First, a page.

Earlier this month, VEDP Senior Economist Brian Kroll testified before the U.S. House of Representatives’ Subcommittee on Energy and Mineral Resources. The subject of the oversight hearing was “America’s Offshore Energy Resources: Creating Jobs, Securing America, and Lowering Prices.”
The subcommittee, led by Congressman Doug Lamborn, heard testimony from four experts on how offshore energy can be a catalyst for job creation and economic development, particularly in regions off the Outer Continental Shelf.
VEDP Senior Economist Brian Kroll focused on the positive impact of Virginia’s growing offshore wind industry.
Using an economic impact analysis that assumed 2,000 MW of offshore wind capacity were built over a 10-year period and only half of the supply chain located in the Commonwealth, Kroll concluded that 2,125 direct jobs and 2,710 indirect jobs could be created in Virginia over the first five years, and an additional 1,635 direct jobs and 1,960 indirect jobs could be created over the last five years, for a grand total of 8,430 new jobs in Virginia.
These jobs would primarily come from sectors such as operations and maintenance, construction, and the manufacturing of nacelles, turbine blades and generators.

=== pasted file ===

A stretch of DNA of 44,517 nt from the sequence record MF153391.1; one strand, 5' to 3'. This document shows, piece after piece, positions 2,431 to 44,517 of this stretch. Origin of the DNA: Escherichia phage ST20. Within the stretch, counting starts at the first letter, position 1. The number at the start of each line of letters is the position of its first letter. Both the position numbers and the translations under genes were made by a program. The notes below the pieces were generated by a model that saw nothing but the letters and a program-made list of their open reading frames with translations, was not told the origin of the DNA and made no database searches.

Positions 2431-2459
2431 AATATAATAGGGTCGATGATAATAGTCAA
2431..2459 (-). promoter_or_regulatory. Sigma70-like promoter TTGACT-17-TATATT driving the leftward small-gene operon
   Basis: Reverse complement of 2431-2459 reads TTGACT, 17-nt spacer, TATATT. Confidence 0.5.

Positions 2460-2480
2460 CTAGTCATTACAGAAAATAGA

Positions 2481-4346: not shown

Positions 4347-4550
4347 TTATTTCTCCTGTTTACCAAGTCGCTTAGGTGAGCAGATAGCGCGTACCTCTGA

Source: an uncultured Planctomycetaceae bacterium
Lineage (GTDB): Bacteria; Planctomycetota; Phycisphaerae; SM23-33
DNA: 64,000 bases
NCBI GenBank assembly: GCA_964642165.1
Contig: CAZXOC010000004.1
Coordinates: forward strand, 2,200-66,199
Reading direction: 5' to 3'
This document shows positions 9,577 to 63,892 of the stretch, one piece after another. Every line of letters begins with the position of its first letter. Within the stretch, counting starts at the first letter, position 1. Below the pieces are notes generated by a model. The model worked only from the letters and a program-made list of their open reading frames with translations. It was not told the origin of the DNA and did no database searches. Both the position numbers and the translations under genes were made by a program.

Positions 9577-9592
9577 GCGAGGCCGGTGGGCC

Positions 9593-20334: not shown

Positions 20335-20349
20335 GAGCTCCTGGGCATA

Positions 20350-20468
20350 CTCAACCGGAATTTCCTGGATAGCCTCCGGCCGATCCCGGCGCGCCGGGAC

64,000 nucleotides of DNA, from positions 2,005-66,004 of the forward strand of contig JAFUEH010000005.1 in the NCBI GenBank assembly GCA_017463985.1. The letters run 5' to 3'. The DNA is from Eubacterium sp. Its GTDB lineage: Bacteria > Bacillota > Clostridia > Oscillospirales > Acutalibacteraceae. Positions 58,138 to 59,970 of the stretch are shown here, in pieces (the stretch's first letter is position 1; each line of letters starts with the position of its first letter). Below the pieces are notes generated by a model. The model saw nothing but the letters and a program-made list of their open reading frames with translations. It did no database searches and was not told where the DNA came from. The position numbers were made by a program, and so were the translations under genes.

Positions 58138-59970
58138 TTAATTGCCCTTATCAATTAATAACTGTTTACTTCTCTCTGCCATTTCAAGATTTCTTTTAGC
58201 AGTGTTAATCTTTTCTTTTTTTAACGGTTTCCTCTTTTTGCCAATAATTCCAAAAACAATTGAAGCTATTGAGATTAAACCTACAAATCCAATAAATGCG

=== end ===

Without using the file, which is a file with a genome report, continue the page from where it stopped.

In addition, Kroll concluded these jobs would benefit Virginia through an additional $9 billion in GDP and $119 million in state-level tax revenue over the 10-year period.
With yesterday’s announcement that the Bureau of Ocean Energy Management (BOEM) is on track to issue the Virginia Department of Mines, Minerals and Energy a wind energy research lease on the Outer Continental Shelf, Virginia’s wind industry continues to build momentum.
In December, we blogged about the positive announcements from the BOEM, advertising the first-ever wind energy lease sale on the Outer Continental Shelf, and from the Department of Energy, reporting that a Virginia team was one of seven projects awarded a grant for the engineering, design and installation of an offshore wind turbine demonstration facility.
Virginia is primed to be a leader in the offshore wind industry, providing the ideal combination of strong Class 6 winds, shallow waters off the coast, an experienced maritime workforce, a robust transportation network, and access to a fully operational high voltage transmission grid close to shore.
To watch a webcast of Brian Kroll’s presentation, click here and to learn why more than 380 energy companies call Virginia home, click here.
VEDP Senior Economist Brian Kroll testifies before the U.S. House Subcommittee on Energy and Mineral Resources about the economic benefits of developing Virginia’s offshore wind industry.